18 “Cue the violins!” elicitor : SOB STORY
19 Loafs : IDLES
20 Children’s Dr.? : SEUSS
21 One on foot, informally : PED
22 Made a web site? : SPUN
23 1/746 horsepower : WATT
24 Pouty face : MOUE
25 “It’s no use” : CAN’T WIN
27 Celebrity mug shot, typically : BAD PR
28 The key to making a quick exit? : ESC
29 Veteran : OLD TIMER
33 Actors’ unions? : SHAM MARRIAGES
37 Famous sights at San Francisco’s Pier 39 : SEA LIONS
38 Chap : GUY
40 Einstein : BRAIN
43 Simply taboo : NOT DONE
45 Only N.F.L. franchise to win championships representing three different cities : RAMS
46 Villain in “Wonder Woman” : ARES
48 Diminishes : EBBS
49 Occasion for a party : EVE
50 Schooled on the field : OWNED
52 Sweeping : BROAD
53 [If you catch my drift …] : WINK WINK …
55 Like Antarctica : REMOTE
56 One on a registrar’s list : ENROLLEE
57 Pro QB Manning, by birth : ELISHA
58 Really hot : DEAD SEXY
59 Get down : MASTER

Down

1 “Savvy?” : CAPISCE?
2 Definite no, informally : HARD PASS
3 Put away a sandwich, perhaps : ATE LUNCH
4 Royal stand-in : REGENT
5 Has a hard time swallowing : GAGS
6 Alternative genre : EMO
7 Implant : INSET
8 Die, as a light : GO OUT
9 Round figures : ORBS
10 Julia Roberts’s role in the “Ocean’s” series : TESS
11 Informal object : DAT
12 Pill bug or wood louse : ISOPOD
13 Buoyed : BORE UP
14 Action film director Zack : SNYDER
20 Toga go-with : SANDAL
23 Mrs. Flintstone : WILMA
24 Tequila cocktail, in slang : MARG
26 Group who Mao Zedong famously said “hold up half the sky” : WOMEN
27 World’s longest wooden roller coaster, with “The” : BEAST
30 Prefix with -logy : TRI-
31 Worked (out) : IRONED
32 Mythological judge of the dead in the underworld : MINOS
34 Clearance caveat : AS IS
35 “I” lift? : EGO BOOST
36 Catch some rays : SUNBATHE
39 Reply often made with a sigh : YES, DEAR
40 Steeped : BREWED
41 Gorge : RAVINE
42 Supreme god of the universe, in ancient Egypt : AMEN-RA
44 It’s only skin-deep : DERMIS
46 Add-on : ANNEX
47 Change, as a lock : RE-KEY
50 Hooters : OWLS
51 Craftiness : WILE
52 Banjoist Fleck : BELA
54 Clobbered, in brief : KO’D
55___ sleep : REM

14 thoughts on “0614-19 NY Times Crossword 14 Jun 19, Friday”

  1. 32:46. In retrospect, not too difficult for a Friday. I made things tougher on myself with a few missteps – e.g. not knowing how to spell CAPISCE (CAPIShE).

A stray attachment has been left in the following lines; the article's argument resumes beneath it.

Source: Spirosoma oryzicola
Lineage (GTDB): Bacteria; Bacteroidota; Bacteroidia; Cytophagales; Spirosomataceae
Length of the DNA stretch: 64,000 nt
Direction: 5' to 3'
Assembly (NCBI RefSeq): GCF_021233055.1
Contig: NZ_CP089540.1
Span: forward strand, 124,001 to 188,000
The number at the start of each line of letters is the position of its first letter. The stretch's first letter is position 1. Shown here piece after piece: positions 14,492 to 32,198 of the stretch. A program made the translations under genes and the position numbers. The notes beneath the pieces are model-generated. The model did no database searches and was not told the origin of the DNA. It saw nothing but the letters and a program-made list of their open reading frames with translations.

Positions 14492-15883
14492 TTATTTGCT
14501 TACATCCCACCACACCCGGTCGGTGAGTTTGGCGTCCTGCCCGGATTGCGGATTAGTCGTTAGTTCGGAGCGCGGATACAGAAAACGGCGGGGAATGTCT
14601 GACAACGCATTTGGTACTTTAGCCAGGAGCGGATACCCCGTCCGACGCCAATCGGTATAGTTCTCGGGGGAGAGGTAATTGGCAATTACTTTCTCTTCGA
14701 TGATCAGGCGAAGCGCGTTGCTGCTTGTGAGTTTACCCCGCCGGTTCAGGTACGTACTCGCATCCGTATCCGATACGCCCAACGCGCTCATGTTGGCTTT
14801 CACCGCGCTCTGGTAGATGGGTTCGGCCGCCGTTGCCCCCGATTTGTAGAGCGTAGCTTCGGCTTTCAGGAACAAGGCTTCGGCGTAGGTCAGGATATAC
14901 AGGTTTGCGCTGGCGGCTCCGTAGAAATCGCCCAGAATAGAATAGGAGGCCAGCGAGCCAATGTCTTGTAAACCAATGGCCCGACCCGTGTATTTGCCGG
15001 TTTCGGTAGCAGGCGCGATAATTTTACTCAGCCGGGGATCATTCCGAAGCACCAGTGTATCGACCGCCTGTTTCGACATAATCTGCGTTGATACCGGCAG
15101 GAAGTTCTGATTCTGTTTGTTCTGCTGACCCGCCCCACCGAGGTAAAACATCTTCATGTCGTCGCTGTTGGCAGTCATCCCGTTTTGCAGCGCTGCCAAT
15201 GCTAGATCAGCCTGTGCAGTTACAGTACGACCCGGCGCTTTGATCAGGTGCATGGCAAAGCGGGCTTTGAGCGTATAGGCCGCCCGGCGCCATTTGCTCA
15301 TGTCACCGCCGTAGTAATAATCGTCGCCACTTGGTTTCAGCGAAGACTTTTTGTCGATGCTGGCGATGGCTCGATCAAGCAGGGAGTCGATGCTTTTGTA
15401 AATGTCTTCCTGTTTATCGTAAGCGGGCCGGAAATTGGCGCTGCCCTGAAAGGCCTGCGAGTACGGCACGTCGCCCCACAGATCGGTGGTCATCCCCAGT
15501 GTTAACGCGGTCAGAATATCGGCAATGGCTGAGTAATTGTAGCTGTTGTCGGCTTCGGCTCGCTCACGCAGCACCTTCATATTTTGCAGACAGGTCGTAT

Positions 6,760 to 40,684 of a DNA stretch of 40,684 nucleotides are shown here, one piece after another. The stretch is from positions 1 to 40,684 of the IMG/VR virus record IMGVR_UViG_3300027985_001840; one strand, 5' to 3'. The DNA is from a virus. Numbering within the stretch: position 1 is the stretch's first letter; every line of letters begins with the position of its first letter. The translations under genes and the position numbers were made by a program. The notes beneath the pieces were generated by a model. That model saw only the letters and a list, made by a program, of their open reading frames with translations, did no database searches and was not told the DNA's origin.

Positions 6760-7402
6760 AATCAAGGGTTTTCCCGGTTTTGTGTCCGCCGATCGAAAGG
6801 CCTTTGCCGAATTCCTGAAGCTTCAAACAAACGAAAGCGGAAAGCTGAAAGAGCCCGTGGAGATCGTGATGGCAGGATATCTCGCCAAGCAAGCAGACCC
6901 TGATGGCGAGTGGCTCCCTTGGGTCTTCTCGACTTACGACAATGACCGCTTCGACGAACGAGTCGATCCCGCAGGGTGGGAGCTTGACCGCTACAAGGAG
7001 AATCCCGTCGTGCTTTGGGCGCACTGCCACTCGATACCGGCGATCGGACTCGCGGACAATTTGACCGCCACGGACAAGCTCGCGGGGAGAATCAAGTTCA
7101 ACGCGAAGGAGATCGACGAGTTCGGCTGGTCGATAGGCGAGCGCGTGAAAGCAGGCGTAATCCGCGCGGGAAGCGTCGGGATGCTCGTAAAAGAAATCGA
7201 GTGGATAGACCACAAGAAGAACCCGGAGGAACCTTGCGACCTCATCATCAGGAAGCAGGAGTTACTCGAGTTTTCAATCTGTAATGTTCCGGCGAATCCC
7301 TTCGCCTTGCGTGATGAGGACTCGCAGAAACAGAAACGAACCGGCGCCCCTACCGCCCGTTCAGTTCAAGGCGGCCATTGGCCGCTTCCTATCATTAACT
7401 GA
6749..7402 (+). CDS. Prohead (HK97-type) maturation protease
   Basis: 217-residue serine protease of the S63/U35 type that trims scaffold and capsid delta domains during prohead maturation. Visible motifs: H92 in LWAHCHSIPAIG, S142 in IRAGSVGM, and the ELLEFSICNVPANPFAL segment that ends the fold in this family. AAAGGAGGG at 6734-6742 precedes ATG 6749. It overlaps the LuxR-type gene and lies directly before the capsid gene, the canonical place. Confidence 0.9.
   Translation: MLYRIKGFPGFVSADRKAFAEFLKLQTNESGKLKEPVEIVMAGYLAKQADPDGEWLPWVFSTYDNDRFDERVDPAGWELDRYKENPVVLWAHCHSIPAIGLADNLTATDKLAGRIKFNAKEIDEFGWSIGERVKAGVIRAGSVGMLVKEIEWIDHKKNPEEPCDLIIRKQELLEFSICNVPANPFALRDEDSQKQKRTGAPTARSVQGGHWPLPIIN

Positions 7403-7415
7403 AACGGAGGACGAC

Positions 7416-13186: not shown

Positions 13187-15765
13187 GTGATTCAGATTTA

I finally remembered MOUE from my crossword lizard brain. I subsequently found out via the NYT blurb on this puzzle that MOUE has shown up in the NYT crosswords 107 times. Fool me once, shame on you, fool me 107 times……

    Best –

  2. Good Friday test. No errors but struggled a bit in the north east. Also would have helped to spell capisce correctly from the start; needed crosses to clean that up. Marg slang for margarita? OK, I suppose.

  3. 20:36, no errors. I enjoy coming to this site and seeing the comments, and how many others had the same issues as I had. I have heard ‘preggers’ as slang for pregnant, never PREGGO. Also have never heard a margarita called a MARG. Vaguely remembered that CAPISCE ended with ‘SCE’, but thought it was capesce. Fell into two traps: entered EAT LUNCH before ATE LUNCH; BEAUTY is skin deep, before DERMIS (the E worked for the cross EBBS).

  4. I’m very slow, but I did it! I rarely complete a Friday puzzle, so celebrating here.

    Dave K, nice time. I got the same minutes as you, plus about 3 hours!

    Got hung up at top right with “I got this,” instead of “I got dibs.” I looked up and confirmed “Snyder” once I penciled it in, but knew Preggo — guess it helps to be a woman.

    Jeff, lol! I sure didn’t know moue.

    Allen, I just leave it for awhile, then look again with fresh eyes throughout the day. Also, I make a lot of wild guesses. I don’t even worry about the time. My goal is completion.

    Carry on, team!